The Internet is a competitive marketplace where global populations of consumers have the ability to choose from several different vendors. If you’re interested in buying a kite, you could easily find twenty reputable kite vendors online, so which do you choose? That’s where branding comes in—branding is one of the most important factors in a consumer’s decision of what to purchase and where. However, when your competition has ten or ten thousand times your advertising budget, how can your smaller organization compete with industry behemoths?
Your businesses’ brand, which is a combination of your general appearance and reputation, is on the forefront of the mind of any customer considering doing business with you. Branding is in essence a way to give your business an identity for consumers to consider. So how do you go about creating one?
The first thing you have to do is put together a clear vision of what your brand is. Asking yourself some simple questions about your business can provide clues as to which direction to take. For instance, what are the benefits or features of the things you offer? What qualities would you like people to associate with your brand? These aren’t always merely questions of opinion; many of these questions are best answered by doing detailed customer research to better understand your audience. In the least case, it’s often useful to get an outside perspective on your brand or get an existing impression of your company from a friend as you go forward.
Once you have a clear understanding of what your brand is, you can begin to describe what the target demographics of your business are. These demographics naturally have to correspond to your image. (For instance, if your brand consists of more premium merchandise than bargain discounts, your branding will have to be reflected by that in order to resonate best with your intended audiences.) These things help people to form a perception of what your brand is that helps attract different demographics.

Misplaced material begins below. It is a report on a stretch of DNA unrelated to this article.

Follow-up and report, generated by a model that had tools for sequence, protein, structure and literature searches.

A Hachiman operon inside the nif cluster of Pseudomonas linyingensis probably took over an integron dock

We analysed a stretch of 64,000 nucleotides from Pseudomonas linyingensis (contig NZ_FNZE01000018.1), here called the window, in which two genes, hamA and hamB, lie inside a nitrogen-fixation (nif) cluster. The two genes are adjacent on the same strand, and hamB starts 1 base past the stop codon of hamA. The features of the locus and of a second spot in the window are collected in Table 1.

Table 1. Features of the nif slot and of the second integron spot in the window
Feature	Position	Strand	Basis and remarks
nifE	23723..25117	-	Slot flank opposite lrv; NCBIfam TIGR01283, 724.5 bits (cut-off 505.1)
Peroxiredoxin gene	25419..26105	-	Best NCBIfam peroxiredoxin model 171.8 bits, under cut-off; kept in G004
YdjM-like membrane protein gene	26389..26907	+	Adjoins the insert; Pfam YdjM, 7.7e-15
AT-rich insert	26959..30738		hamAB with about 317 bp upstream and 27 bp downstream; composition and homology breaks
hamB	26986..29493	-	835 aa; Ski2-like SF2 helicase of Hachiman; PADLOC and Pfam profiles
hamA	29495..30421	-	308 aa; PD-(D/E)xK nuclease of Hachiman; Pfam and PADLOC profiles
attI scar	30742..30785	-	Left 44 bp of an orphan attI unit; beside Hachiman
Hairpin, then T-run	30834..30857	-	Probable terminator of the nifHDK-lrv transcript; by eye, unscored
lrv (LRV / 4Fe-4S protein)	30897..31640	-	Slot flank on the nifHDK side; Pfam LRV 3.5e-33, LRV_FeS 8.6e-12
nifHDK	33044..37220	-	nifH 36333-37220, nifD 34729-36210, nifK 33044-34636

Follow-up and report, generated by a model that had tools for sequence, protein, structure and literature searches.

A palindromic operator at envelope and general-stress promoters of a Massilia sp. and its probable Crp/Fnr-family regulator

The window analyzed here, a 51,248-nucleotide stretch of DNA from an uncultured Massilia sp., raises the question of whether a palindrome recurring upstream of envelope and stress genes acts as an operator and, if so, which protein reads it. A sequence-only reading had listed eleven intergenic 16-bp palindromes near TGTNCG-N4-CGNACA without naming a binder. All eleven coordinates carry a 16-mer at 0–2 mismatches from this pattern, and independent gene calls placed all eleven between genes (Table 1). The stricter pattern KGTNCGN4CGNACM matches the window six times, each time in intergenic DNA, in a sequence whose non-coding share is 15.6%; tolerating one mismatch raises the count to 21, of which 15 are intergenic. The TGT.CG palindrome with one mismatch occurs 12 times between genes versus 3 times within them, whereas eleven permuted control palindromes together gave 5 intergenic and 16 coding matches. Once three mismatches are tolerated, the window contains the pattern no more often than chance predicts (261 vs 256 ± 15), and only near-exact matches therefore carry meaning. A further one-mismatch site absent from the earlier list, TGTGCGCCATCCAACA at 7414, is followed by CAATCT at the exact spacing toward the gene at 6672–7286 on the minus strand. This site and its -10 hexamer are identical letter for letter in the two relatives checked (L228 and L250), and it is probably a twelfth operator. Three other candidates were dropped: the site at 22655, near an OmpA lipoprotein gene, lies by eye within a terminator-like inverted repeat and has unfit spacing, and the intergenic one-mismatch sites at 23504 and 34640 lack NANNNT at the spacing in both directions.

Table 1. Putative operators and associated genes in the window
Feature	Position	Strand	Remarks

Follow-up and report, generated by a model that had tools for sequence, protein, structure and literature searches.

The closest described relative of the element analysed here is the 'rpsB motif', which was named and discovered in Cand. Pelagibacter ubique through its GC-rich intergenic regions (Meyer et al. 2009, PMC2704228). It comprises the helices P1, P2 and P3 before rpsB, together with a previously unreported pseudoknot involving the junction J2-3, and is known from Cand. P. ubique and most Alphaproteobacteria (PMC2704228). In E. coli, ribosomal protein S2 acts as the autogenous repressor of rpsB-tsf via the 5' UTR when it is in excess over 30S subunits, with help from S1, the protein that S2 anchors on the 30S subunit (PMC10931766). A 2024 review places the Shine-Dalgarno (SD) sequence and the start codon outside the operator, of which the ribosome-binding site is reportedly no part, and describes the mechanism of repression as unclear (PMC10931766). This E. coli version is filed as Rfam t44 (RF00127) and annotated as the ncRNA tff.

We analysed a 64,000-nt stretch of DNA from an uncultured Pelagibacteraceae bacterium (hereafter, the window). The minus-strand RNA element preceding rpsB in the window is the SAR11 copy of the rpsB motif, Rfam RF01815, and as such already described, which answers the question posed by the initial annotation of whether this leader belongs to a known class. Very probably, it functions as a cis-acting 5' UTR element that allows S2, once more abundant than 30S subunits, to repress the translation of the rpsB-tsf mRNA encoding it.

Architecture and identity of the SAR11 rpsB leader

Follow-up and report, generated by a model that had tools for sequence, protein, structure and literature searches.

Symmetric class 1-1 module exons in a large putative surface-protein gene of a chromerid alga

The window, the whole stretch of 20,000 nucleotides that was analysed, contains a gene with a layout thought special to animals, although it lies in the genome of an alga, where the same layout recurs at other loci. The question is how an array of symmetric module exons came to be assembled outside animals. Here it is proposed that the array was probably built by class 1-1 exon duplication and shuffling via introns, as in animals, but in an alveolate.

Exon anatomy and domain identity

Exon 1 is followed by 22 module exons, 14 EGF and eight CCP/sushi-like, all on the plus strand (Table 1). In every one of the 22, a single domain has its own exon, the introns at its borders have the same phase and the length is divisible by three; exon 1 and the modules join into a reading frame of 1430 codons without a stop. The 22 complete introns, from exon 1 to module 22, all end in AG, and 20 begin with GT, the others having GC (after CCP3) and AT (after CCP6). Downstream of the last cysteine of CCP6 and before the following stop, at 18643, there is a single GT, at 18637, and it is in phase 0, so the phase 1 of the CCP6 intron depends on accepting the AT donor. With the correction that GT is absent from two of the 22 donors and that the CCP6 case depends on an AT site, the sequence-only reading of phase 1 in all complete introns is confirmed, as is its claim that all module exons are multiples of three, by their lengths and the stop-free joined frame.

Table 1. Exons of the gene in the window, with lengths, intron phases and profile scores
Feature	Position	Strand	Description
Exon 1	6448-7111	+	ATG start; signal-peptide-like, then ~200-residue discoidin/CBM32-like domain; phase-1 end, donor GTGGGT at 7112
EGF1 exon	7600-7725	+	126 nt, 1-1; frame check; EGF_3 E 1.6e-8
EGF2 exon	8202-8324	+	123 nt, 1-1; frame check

The Internet and Your Brand
While it’s important to take advantage of any of the unique qualities of your business, it’s also important to understand where you do fall short of bigger brands. Shipping time and cost are factors where small businesses struggle to compete; but no matter the problem, it can be overcome by branding. For instance, if you can’t compete with the costs of similar businesses, you can emphasize your wide selection or expertise to help distinguish your brand and give yourself a competitive edge.
As a small business it’s likely you’re competing with something with a much larger advertising budget. Consequently many small businesses have been focusing their marketing efforts on Internet-based advertising which produces powerful and easy to track ROI. Cost-per-click (CPC) advertising is an especially cost-effective means for marketing, not only because you only pay for actual clicks to your website, but also because your advertisements can be targeted to specific demographics—the demographics which you identified during your branding process.
Of course Internet marketing isn’t limited to advertising. Social media networking, viral marketing, e-mail marketing, blogs, and a great many more different avenues exist which offer perfectly level playing fields between businesses of any size. It costs virtually nothing and can take very little time to set up effective Facebook, Pinterest, and Google+ accounts, and it’s just as easy to find and target specific demographics within these networks. Your competition may have more advertising dollars to spend, but in the age of digital marketing, intelligence and persistence is quickly becoming more important than whether or not you can afford an advertisement on your local TV station.